With ColorComm, Women Of Color Experience The True Power Of Networking
Pictured: Symone Sanders and Lauren Wesley Wilson ColorComm. Credit: Getty

In 2011, an ambitious, twenty-something Lauren Wesley Wilson canvassed Washington D.C. for advice on how to excel in her budding public relations career. Wilson took coffee dates around the city asking professionals how to get ahead and make a name for herself. 

While learning how to reach the popular benchmark goal of becoming a V.P. by the age of 30, Wilson also had another pressing question: Where the heck were all of the women of color working in communications?

“One day I had this idea,” Wilson said in a recent episode of the UnBossed Podcast, hosted by ESSENCE’s Work and Money Editor Marquita Harris.

 “I partnered on with this woman at the time and I had said, ‘Let’s put our networks together and throw this luncheon. I want to call it ColorComm. I want to bring people together in the industry to learn from one another.'”

The first-ever ColorComm Luncheon brought in 34 media professionals, all women of color, to a restaurant in Washington D.C.

Wilson said the theme of the first luncheon was a simple question: What do you need? That prompt lit a fire for many women and allowed them to get the most out of their networking experience.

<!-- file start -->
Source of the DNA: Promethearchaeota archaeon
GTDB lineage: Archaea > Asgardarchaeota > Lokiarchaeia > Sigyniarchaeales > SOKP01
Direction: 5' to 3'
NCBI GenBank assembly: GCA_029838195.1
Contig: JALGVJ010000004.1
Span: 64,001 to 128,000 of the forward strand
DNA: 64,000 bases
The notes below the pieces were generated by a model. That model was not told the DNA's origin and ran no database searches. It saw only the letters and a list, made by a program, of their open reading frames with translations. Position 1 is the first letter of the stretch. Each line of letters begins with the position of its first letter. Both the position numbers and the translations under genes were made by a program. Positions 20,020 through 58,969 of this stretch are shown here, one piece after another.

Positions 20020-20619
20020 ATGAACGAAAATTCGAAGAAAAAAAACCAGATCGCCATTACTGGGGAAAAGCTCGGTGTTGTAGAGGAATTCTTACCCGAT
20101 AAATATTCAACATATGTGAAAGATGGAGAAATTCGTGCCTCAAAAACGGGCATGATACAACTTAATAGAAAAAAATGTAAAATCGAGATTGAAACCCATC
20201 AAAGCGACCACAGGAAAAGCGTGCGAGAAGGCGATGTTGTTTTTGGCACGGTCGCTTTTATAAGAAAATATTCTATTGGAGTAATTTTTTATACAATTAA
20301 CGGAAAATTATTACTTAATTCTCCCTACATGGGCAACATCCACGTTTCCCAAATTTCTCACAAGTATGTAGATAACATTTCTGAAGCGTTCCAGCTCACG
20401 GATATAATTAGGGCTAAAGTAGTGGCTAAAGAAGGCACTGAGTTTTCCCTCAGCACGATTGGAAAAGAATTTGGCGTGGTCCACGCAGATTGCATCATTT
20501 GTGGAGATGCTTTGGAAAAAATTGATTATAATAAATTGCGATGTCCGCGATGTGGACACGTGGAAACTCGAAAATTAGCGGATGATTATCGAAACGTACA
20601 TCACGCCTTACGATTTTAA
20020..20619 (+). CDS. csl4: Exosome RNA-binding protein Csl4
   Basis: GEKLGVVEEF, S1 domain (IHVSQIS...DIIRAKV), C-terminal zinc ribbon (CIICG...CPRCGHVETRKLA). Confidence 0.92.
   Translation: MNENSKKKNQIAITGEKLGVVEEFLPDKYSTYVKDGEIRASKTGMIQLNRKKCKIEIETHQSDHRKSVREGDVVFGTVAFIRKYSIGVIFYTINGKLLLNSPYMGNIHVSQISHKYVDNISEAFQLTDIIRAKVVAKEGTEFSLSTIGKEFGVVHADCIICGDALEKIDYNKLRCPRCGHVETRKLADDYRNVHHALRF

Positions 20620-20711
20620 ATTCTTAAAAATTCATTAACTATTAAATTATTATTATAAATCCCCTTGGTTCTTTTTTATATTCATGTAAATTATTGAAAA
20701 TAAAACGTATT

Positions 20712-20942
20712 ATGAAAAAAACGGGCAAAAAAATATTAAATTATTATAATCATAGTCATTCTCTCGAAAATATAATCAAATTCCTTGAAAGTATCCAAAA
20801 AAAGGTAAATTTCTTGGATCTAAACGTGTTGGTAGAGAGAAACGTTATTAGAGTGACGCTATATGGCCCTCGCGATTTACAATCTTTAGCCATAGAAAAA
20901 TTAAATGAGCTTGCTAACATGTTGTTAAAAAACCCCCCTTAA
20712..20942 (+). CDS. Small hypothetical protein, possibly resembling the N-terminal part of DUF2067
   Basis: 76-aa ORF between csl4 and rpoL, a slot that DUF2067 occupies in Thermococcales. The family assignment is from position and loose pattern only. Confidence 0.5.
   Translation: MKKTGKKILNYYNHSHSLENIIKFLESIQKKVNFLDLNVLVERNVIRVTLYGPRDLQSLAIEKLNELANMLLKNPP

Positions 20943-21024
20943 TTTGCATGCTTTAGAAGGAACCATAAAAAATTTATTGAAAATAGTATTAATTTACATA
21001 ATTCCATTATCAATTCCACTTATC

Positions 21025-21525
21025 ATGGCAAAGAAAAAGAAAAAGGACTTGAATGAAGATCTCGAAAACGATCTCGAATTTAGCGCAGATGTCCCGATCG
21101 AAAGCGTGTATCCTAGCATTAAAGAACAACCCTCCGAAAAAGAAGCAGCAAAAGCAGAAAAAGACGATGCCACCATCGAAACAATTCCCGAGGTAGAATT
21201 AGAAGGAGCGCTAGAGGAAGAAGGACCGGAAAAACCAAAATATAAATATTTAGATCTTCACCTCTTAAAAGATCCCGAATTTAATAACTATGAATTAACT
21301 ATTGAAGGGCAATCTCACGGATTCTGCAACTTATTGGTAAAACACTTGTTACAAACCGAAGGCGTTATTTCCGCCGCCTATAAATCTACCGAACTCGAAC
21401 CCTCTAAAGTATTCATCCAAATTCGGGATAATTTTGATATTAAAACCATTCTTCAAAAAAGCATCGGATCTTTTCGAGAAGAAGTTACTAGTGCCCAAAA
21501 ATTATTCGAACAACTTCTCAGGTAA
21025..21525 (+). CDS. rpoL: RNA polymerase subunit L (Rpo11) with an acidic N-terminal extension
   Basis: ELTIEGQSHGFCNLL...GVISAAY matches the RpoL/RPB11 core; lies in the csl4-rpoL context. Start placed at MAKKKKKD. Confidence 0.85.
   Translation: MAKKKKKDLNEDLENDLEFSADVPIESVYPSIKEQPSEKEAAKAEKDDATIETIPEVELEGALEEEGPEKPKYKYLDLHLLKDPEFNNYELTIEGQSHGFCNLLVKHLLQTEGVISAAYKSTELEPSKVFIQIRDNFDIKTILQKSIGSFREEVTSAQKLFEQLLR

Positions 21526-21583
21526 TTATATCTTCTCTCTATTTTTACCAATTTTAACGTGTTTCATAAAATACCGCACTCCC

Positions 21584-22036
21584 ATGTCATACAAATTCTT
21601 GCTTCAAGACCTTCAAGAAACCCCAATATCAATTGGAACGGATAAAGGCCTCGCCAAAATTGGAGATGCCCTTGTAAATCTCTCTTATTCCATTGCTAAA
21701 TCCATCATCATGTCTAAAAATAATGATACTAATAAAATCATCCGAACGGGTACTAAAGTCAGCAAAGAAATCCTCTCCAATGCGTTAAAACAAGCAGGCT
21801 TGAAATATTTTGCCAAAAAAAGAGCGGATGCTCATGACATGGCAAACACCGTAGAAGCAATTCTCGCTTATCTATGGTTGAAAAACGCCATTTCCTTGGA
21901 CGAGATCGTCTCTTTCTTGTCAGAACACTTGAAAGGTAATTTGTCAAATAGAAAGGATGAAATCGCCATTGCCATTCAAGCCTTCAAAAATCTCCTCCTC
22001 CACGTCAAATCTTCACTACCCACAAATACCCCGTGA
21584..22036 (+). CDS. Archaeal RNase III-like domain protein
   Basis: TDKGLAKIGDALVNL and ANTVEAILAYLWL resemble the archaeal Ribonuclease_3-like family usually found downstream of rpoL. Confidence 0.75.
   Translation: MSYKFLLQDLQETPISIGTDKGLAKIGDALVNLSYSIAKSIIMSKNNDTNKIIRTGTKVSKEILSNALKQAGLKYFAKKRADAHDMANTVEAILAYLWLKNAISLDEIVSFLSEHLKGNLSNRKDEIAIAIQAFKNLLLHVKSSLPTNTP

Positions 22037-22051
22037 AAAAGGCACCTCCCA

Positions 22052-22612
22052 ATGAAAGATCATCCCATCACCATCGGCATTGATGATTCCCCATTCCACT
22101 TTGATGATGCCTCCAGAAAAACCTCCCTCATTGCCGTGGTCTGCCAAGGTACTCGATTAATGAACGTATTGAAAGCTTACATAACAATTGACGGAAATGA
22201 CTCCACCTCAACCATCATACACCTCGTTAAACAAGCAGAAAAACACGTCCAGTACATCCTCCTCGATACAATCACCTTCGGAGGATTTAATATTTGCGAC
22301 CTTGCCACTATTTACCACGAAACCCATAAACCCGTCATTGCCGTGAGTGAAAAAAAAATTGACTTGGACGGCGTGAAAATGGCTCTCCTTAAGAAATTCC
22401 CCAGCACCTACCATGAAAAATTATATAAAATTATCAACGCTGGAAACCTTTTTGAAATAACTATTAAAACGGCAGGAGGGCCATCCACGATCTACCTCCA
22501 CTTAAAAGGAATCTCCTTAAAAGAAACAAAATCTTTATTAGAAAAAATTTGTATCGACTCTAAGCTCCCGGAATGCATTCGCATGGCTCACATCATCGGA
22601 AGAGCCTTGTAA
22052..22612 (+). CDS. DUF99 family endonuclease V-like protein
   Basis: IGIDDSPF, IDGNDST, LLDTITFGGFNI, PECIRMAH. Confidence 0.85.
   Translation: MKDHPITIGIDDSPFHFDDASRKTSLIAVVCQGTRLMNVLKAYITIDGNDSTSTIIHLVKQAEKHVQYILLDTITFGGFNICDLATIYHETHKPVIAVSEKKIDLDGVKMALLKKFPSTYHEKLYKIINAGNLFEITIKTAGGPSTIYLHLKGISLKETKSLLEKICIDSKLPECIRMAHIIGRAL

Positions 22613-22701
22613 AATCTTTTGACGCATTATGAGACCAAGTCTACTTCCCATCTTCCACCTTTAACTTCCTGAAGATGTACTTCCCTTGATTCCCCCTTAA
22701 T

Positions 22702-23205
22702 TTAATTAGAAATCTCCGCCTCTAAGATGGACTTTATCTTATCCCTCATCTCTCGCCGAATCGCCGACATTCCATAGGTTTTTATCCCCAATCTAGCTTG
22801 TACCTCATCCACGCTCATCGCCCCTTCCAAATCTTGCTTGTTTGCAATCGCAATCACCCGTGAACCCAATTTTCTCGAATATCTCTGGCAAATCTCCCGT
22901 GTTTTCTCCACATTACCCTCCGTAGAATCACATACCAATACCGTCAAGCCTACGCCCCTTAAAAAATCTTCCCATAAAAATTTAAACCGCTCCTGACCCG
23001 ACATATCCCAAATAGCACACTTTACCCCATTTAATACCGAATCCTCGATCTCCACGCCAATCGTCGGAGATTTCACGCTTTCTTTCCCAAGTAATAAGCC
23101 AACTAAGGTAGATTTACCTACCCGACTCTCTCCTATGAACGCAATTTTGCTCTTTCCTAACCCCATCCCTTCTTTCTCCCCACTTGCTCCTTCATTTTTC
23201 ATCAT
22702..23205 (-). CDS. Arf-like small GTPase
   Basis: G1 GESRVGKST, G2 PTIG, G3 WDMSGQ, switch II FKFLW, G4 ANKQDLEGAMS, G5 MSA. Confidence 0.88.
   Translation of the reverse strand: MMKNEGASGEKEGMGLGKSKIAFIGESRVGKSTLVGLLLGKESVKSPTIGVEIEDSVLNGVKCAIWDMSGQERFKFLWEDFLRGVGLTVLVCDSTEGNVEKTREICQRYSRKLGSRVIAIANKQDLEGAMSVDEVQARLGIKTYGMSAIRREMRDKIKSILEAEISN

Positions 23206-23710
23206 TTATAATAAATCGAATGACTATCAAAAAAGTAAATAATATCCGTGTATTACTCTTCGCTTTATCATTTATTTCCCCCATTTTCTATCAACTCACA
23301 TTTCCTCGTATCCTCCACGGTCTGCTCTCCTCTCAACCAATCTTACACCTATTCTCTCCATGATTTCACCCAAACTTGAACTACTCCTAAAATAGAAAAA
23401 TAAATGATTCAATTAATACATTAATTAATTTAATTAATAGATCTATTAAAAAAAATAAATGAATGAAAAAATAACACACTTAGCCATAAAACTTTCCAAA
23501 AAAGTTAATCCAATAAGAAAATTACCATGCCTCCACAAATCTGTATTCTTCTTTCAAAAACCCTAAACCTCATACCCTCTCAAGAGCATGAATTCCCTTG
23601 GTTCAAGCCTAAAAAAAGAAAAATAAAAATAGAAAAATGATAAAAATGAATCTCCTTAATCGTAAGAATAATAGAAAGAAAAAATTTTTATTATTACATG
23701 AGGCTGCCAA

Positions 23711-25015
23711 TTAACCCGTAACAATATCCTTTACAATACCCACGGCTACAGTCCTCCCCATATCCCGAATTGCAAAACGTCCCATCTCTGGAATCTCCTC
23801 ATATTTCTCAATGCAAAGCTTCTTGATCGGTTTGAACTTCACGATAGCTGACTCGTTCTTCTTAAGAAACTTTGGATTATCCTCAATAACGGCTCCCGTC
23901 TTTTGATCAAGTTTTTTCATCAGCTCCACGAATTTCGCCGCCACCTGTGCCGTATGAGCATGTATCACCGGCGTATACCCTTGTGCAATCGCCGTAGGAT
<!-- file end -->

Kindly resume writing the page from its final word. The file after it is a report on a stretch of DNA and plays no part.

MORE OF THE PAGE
Now, eight years later, at the most recent ColorComm conference, political strategist Symone Sanders, stood on stage and energized a room full of attendees by asking the same question. “Ask the women sitting at your table ‘What do you need?!” she said enthusiastically.

ColorComm is now a leading organization for women of color in the communications business and produces a number of events, monthly programming across the country and also hosts events in London. 

Originally from St. Louis, Missouri, Wilson now serves as the president and founder of ColorComm. On UnBossed, Wilson also explained that she’s always been serious about her grind, even as a small child. Although she received an allowance from her parents, Wilson still worked multiple jobs.

The Spelman alumna is an extroverted go-getter by nature. Since 2011, she has poured herself into this dream which has offered women around the world the opportunity to connect with other media professionals that look like them. 

When asked about what it means to be a boss, or more specifically what it means to be “unbossed,” Wilson said it’s all about being unapologetic with your decisions and of course paying it forward.

“Someone who is really just really focused, smart, savvy, not worried about the competition, stays in their lane, and finds ways to be successful, but bring other people with them at the same time.”

To hear more about Lauren Wesley Wilson’s entrepreneurial journey and how to create your own network, listen to the full episode of UnBossed below.

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